Saturday, October 5, 2013

The Importance of Teachers in Sustainable Development

Effective sustainable development requires understanding a range of vital ways to conserve, preserve, and responsibly use earth's resources. Formal and informal alike, teachers across all education levels play critical roles in promoting awareness and preparing students for careers in related fields. In order to solve the problems caused by irresponsibility, we must remember that teachers are so important - and here's why.

Early Childhood Teachers
Early childhood educators begin a student's journey of sustainable development by creating an awareness of family and nature. Lessons might include activities like drawing a family tree to see how we're all connected. Another lesson could be a trip to a state park, or around the campus to observe and name plants and animals. Parents can and should teach their children to make connections between what we do and how it affects our environment. Recycling and cleaning an area of a community with others are familiar causes that help them learn how we also sustain each other.

Between Two Worlds 
Middle school teachers can provide opportunities to merge personal and intellectual perspectives that will mature during high school. Students here begin more seriously contemplating career paths in order to choose the high school courses they will need to prepare them. Coursework in science and mathematics that integrates topics relevant to sustainability fosters the development of critical thinking skills. Their teachers might include lessons that not only require analyzing data gathered from observations or surveys, but also engage students to think about what kind of professional would be most logical to consult about solving these problems. If you're a middle school teacher, I would encourage you to invite professionals to speak and answer questions on how their work contributes to sustainable development.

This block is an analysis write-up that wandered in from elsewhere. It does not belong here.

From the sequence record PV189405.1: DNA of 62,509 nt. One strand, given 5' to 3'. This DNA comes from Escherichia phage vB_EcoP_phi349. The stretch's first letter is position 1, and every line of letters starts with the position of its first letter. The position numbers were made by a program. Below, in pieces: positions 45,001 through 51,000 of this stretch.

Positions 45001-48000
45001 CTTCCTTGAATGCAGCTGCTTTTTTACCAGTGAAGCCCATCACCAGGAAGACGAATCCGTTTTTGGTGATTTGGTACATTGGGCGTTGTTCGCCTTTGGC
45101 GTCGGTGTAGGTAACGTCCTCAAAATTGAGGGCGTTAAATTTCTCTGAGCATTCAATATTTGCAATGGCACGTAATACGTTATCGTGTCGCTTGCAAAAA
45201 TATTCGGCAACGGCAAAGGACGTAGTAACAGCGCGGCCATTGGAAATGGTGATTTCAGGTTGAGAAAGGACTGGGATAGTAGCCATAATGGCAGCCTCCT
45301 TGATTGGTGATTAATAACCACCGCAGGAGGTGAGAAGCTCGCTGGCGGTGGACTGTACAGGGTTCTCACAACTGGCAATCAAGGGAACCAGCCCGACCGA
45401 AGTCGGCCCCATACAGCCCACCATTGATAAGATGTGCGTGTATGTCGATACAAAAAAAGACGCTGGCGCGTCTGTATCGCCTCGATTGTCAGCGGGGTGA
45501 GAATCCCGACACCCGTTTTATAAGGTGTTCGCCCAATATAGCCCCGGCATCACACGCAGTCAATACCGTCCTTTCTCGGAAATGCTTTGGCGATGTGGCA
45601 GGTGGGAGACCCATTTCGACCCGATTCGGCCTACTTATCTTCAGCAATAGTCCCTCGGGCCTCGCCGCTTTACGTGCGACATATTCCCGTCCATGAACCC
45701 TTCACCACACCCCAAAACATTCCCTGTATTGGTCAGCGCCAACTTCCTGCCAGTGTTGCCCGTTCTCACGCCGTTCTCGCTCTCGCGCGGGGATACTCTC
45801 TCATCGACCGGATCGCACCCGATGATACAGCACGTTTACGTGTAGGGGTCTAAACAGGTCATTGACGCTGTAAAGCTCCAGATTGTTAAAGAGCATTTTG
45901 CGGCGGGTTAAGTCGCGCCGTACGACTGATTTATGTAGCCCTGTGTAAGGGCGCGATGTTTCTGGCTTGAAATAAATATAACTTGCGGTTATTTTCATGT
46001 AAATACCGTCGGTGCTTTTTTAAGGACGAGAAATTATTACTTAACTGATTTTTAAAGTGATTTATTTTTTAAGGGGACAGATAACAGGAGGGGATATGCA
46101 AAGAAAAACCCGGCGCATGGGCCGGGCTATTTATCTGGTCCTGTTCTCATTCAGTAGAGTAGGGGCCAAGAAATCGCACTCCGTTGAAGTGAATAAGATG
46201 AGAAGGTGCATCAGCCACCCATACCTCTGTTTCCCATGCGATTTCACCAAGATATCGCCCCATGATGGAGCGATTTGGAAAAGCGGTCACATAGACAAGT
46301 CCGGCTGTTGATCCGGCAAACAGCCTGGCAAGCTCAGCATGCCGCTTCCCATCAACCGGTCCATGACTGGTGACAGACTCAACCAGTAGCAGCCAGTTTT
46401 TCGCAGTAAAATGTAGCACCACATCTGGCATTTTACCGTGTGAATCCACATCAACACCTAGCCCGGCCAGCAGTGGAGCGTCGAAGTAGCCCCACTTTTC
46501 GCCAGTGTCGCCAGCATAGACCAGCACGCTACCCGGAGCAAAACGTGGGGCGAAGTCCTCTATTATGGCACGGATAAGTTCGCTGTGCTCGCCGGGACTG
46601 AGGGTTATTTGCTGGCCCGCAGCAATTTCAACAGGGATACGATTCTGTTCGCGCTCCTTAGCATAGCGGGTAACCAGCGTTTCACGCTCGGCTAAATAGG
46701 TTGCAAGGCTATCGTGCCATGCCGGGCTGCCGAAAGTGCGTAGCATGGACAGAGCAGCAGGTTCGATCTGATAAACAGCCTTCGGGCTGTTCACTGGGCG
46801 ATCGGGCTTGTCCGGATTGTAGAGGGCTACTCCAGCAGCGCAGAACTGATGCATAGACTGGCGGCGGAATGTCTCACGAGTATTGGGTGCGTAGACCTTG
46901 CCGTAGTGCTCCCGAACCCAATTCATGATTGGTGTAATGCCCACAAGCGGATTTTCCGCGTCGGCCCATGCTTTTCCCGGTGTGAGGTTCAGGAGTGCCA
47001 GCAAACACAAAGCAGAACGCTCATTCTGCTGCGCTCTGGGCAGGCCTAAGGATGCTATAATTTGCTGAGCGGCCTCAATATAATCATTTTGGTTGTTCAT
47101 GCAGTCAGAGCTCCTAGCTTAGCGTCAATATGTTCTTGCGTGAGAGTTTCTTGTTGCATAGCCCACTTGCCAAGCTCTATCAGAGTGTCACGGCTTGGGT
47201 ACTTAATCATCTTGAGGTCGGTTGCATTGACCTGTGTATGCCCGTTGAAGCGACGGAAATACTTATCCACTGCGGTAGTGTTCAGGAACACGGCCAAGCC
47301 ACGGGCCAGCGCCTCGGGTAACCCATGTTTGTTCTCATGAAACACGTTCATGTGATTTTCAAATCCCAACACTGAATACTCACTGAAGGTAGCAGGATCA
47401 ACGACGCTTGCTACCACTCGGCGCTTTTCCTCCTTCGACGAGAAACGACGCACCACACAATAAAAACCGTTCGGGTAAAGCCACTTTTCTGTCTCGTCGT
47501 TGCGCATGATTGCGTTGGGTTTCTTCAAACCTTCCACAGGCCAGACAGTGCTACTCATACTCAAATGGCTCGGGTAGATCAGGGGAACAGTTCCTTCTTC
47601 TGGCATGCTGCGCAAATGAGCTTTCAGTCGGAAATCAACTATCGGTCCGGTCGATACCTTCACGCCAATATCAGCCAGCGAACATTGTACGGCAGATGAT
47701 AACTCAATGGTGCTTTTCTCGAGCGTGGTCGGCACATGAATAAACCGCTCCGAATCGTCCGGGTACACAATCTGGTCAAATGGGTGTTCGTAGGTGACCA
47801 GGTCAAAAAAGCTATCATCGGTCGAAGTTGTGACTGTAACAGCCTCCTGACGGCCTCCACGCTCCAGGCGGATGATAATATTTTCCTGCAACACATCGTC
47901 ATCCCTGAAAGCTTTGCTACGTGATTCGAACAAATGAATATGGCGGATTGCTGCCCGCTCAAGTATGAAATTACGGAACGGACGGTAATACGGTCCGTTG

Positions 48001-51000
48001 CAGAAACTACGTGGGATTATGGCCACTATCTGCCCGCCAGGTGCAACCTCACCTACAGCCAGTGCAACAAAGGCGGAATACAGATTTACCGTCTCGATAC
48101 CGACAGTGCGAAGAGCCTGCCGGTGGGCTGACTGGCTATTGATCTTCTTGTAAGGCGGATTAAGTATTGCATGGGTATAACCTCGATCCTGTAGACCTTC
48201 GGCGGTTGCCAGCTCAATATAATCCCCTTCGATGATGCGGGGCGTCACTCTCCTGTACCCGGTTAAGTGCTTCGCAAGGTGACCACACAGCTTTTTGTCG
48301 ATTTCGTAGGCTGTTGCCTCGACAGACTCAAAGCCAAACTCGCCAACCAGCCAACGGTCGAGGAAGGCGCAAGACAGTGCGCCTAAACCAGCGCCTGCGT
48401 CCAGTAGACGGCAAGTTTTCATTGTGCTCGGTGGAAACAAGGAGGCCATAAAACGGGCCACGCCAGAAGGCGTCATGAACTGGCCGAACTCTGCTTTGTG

The Next Step
High school guidance counselors assist students in choosing specific careers for which they are best suited. Extracurricular opportunities develop personal ethics and social skills conducive to working effectively with others to problem solve. Sustainable development can become of personal value in choosing career paths in fields such as medicine, law, engineering and research, and without guidance counselors, most students would  be clueless.

Higher Education Initiatives

Five UN entities launched the Higher Education Sustainability Initiative in 2012. They said, “Higher Education Institutions educate and train decision makers. They play an important role in building more sustainable societies and have a special responsibility to provide leadership on education for sustainable development.” Leaders of Higher Education institutions were invited to sign a Declaration of Commitment to Sustainable Practices of Higher Education Institutions. Among other things, the Declaration commits them to integrate into the core curriculum the teaching of sustainable development concepts. Professors all over the U.S. are now starting sustainability certificate programs, encouraging student organizations and spreading the word so that education turns into activism.

Alternative Teaching Opportunities
Within many faith-based communities are opportunities to point people towards sustainable development. These work by showing participants how the principles of respecting others and the cosmos work together naturally, to achieve a balance.. A 2012 report from the National Wildlife Federation says that climate change will likely increase anxiety, fear, and depression among people with these types of pre-existing conditions. The youngest and eldest of our population, the poor, and those who live in disaster prone zones are among the most vulnerable. Many religious affiliates are taking upon themselves to cater toward these groups, and with good reason. Without these individuals, the future would be scarier.

Article contributed by Mitchell Eizower for Noble Missions for Change Initiative Mitchell Eizower is an MA student writing his thesis on education policy. He writes about all aspects of education. His recent work is on the Top 10 Special Education Degree Programs.

No comments:

Post a Comment

What do you think about this post?